The influx of Chinese migrants during the gold rush era saw the arrival of golden crispy roast pork and green leafy Bok Choy. The Holocaust refugees came during the 1930s bringing with them miniature Kreplach dumpling served in boiling hot chicken soup, latke pancakes made of grated potato, and their kosher culture. The Greek arrived in the 1950s, teaching us the right way to enjoy Pita bread and Spanakopita pie of spinach and feta cheese. Then came the Vietnamese in the mid 1970s, filling the city with the aroma of their invigorating pho broth, cooked with fragrant beef stock, mixture of spices and refreshing mint.
The French migrants came and brought with them numerous tongue-twisting, food-related vocabularies. Today, those fancy French words are common terms used in many luxurious and cozy patisserie in Melbourne, and have slowly turned into symbols of great lifestyle and exquisite food enjoyment - elements closely associated with the modern Melbourne city.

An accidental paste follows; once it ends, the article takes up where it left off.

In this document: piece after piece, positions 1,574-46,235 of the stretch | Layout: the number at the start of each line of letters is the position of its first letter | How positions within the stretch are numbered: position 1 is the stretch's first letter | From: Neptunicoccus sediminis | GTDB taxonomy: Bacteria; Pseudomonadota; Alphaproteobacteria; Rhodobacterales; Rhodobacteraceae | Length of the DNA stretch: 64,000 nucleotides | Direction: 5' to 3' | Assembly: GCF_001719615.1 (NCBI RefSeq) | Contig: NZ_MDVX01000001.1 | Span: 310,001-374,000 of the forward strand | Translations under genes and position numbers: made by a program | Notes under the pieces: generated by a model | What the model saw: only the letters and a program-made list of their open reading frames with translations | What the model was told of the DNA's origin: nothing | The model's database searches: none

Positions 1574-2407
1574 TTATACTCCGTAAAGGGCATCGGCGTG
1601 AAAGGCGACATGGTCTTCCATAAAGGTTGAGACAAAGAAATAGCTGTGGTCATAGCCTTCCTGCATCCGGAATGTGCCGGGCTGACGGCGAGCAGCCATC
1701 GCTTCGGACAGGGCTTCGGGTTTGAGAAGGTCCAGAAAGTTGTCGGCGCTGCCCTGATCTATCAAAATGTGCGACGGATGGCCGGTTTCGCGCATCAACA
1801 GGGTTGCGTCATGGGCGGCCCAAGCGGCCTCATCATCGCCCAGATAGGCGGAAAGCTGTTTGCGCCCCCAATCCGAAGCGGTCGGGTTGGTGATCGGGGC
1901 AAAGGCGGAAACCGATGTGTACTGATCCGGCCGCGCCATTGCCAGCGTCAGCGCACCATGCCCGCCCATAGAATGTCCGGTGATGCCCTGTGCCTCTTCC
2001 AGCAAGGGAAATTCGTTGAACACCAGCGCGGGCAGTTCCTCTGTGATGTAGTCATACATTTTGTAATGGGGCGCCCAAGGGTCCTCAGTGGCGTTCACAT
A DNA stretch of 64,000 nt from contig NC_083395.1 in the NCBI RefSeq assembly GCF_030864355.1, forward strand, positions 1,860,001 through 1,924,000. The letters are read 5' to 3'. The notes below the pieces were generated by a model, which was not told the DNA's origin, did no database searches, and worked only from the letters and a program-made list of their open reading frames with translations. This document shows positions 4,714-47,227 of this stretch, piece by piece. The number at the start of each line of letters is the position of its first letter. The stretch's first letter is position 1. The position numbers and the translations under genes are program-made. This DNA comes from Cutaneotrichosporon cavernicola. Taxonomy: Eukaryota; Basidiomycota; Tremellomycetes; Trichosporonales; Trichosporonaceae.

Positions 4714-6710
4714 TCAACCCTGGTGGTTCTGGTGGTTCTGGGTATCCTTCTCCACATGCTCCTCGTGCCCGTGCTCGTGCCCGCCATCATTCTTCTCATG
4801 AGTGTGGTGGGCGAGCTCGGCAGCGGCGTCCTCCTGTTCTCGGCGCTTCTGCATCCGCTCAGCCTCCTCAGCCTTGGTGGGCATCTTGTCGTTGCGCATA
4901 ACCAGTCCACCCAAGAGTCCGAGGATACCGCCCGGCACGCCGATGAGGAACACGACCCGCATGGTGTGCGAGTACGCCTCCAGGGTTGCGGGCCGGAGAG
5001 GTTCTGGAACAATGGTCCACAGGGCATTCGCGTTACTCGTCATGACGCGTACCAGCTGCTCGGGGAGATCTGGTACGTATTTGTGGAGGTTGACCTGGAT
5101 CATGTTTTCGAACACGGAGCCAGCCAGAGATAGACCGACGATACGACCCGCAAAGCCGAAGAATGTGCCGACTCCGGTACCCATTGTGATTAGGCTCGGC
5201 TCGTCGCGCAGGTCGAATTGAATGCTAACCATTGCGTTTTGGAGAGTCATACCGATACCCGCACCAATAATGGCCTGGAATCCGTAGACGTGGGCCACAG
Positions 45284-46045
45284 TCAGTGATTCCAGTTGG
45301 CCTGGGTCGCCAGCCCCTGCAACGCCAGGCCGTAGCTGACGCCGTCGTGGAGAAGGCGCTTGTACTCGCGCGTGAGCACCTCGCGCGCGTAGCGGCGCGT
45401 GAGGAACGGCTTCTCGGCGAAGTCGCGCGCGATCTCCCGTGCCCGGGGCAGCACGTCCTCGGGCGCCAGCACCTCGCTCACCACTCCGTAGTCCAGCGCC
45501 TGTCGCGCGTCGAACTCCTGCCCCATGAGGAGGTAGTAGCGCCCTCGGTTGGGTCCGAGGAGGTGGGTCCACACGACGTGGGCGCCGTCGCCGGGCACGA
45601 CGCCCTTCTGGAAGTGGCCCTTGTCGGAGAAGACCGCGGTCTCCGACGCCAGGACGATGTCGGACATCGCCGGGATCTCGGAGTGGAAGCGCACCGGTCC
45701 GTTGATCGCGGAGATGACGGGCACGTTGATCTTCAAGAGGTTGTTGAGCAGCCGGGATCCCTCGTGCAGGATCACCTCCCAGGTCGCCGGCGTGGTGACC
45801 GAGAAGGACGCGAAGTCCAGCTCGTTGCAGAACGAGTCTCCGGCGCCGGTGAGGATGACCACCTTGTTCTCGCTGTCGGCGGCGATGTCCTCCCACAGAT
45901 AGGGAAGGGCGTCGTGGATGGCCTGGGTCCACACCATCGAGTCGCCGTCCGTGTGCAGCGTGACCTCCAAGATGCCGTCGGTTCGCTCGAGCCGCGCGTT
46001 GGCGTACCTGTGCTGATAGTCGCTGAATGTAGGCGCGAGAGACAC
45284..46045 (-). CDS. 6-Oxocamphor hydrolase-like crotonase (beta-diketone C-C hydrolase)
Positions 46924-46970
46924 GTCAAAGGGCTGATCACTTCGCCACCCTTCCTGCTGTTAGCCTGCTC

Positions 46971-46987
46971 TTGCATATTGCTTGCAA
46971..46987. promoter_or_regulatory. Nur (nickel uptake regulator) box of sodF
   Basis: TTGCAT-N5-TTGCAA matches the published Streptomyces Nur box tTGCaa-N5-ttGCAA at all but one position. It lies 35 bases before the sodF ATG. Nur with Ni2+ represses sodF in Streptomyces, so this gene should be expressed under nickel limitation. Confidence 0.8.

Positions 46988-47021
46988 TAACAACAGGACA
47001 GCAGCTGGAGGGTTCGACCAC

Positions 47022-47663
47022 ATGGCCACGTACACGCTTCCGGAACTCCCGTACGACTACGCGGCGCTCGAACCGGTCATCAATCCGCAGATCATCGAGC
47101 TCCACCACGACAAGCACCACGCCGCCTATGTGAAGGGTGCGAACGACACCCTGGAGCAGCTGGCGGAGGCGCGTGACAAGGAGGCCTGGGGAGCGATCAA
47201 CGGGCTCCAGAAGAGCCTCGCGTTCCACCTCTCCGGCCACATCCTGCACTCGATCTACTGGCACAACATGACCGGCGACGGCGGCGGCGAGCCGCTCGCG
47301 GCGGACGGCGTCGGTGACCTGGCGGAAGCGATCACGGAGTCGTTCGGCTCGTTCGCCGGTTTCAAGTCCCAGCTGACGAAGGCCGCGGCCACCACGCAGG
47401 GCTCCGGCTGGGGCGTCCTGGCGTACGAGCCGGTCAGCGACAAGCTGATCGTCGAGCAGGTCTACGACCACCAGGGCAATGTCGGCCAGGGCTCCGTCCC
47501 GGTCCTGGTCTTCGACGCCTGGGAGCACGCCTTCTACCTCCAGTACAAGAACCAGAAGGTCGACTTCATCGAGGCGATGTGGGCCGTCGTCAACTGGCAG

Stepping into the famous Bibelot of South Melbourne is like being transported to a romantic Paris café at Champs-Elysees. The delightful display of petit gateaux (which in simple English, means cake or pastry) behind the glass counter is like a gallery of breathtaking miniature paintings, captivating to the eyes and stimulating to the mind.
The selections are overwhelming. Patrons are torn between choices before the visual seduction of macarons in rainbow palette of colours; dainty cakes with exquisite flavours of green tea, fresh glittery chocolate ganache, and zingy citron; sweet éclair, simple Tuile biscuit, and Sable cookie. Each of them is a result of ingenuity; an amazing chemical reaction produced by a pastry chef’s brilliancy, quality ingredients, and courageous experiments of a fusion of tastes.
And yes, we will be back.
285-287, Coventry Street, South Melbourne 3205 (close to South Melbourne Market)
Sunday to Thursday: 10 am – 6 pm
Friday to Saturday: 10 am – 10 pm